* is thebasis for the production of all Qi + Blood

* Zong Qi, Gathering Qi

*  “resides” in the chest, nourishes Heart + Lungs

*  Wei Qi, Defensive Qi

* flows is the Exterior and protects the body

* Ying Qi, Nutritive Qiflows in the Interior of the body. Its function is to nourish, and it is denser than Wei Qi.

* it is Ying Qi that is activated whenever a needle is inserted into acupuncture point.

* Ying Qi can be called the Meridian Qi(in the West it is an equivalent of connective tissue biochemical/bioelectrical signaling).

* derangement of either Ying Qi or Wei Qi, for example, will give rise to different clinical manifestations and will require different kinds of treatment.

* ultimately, though, they are simply two different manifestations of the same Qi energy.

2. functional activity of the Internal Organs:

* here Qi does not indicate a refined substance as above, but simply is a complex of functional activities of any organ

* e.g. Liver-Qi does not mean the 'portion' of Qi residing in the Liver, but rather complex of Liver's functional activities, that is, ensuring “smooth flow of Qi”.

* Since Qi in the bodymanifests simultaneously on the physical and mental-spiritual level, thus Blood in Liver represents a dense, material form of Qi whilst emotional energy of Liver which manifest as  anger (a spiritual aspect of Liver) is also a form of Qi, albeit of a more subtle, non-material type.

* thus, in TCM, in a simplified version, a pathological process can be demonstrated as follows:

continuous exposer to cold conditions, lack of exercises, and /or poor breathing due to anger or stress →

* poor Qi and Blood circulation →

* excessive 'aggregation' or 'condensation' of Qi →

* Qibecomes pathologically dense →

* blood congeals/condenses →

* lumps, masses, tumors

* practitioner’s task is then to treat specific acupuncture points (and/ or prescribe herbs) that move Qi and Blood, as well as warm (using moxibustion) appropriate points (if the pathological condition occurred due to Cold condition).


functions of Qi

1) transformation function:

* is the change in the state of aggregation/ dispersion of Qi

* Qi (which is Yang in nature) is essential for the transformation of food and fluids (Yin in nature) into clear (Yang) and turbid (Yin) parts

* transformation is a process where material, dense forms of mattere.g. food / fluids need the power of Qi to be transformed into more subtle forms of matter

* stomach-Qi rots and ripens food

* spleen-Qi transforms food into Gu-Qi which in turn is transformed into Zong Qi

* kidney-Qi transforms fluids

* bladder-Qi transforms urine

* heart-Qi trans­forms Food-Qi into Blood

* lung-Oi transforms air into True Qi

2) transportation function:

* occurs in the process of transformation of various substances when Qi transports them in and out of various body structures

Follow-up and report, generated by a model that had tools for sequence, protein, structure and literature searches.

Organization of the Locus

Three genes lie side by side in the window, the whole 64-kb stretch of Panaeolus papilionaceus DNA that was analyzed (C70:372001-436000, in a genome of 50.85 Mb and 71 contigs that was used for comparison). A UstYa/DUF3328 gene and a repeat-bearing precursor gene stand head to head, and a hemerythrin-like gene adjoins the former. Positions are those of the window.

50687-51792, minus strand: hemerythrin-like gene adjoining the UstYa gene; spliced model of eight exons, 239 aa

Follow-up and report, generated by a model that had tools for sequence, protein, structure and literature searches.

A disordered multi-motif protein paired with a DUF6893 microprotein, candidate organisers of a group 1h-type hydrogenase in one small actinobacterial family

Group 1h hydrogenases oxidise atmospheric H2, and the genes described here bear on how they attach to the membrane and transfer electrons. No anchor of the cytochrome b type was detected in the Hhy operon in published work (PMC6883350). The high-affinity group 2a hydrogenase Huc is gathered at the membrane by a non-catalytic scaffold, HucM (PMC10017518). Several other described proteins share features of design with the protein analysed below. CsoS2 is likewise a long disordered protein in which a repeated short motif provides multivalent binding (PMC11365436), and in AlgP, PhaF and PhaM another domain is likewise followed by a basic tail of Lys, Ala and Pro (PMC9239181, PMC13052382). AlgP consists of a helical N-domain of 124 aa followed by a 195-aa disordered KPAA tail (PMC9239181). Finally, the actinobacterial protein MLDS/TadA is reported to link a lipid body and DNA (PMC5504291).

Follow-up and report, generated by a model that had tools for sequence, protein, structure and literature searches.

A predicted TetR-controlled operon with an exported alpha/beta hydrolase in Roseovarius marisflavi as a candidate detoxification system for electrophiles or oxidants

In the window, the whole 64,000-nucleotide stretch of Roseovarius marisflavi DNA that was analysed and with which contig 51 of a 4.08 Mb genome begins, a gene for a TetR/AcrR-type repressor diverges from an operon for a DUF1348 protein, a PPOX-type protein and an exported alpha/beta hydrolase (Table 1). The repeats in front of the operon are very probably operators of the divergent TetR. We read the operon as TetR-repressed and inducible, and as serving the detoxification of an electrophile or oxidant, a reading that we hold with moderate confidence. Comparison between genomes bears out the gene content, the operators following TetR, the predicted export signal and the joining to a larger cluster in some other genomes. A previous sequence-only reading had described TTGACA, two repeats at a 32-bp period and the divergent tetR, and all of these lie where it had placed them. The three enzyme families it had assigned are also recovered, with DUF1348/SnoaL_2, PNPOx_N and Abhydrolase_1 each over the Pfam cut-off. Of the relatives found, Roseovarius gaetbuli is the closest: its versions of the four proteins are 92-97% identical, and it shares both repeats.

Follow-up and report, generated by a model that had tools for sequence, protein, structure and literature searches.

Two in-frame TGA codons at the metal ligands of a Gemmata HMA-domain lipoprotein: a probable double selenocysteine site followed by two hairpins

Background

* happens in 4 directions: upwards, downwards, inwards, outwards

* constitutes Qi Mechanism, (Qi Ji) that is  ascending/descending + entering/exiting of Qi, e.g.:

* stomach-qi transports food downwards to spleen

* Spleen-qi transports food-Qi upwards to lungs + heart

* lung-qi transports qi downwards to kidneys + diffuses Wei Qi (defensive Qi) to space between skin and muscles + transports fluids to skin

* kidney-qi transports Qi both upwards to lungs + downwards to bladder to transform and excrete fluids

* liver-qi transports Qi in all directions

3) holding function:

* means that Qi (which is Yang in nature) holds Fluids + Blood (Yin in nature) in their proper places

* examples of the holding by Qi are:

* spleen-Qi holds Blood in blood vessels + fluids in proper Spaces

* spleen-Qi + Kidney-Qi holds Bloodin uterus vessels

* kidney-Qi + Bladder-Qi hold urine

* lung-Qi holds Sweat


4) raising function:

* is closely linked to 'holding' function

* Qi ensures that:

* body structures are held in their proper place:

* e.g. Qi is weak particularly in its raising function, it is said to be not only deficient but also 'sinking'

* spleen-Qi raises organs in general

* kidney-Qi raises uterus

* fluids + blood

* e.g.  conditions characterized by chronic leakage of mucus/blood, such asleucorrhoea, menorrhagia, holding function of Qi at fault but also its raising function

5) protection function

* is executed by:

* wei Qi (Defensive Qi) primarily

* irrigates space between skin - muscles, i.e. exterior energetic layer of the body

* is closely linked to Lungs, which spread Wei Qi it in the space between muscles and skin thus protecting the body from exterior pathogenic factors.

* Ying Qi + Kidney-Essence:

* determine our overall resistance to external patho­genic factors.

6) warming function:

* plays an essential rolefor all physiological processes, especially fluid (Yin) transformation/transportation/excretion which need Yang (warmth) to be activated and function properly

* warming function is provided by Yang-Qi,its source is:

* kidney-Yangalso called Minister Fire (Ming Men) - physiological fire, that is active from conception

* spleen/ Pancreas-Yang

* however, an organism derives its warmth primarily from Kidney-Yang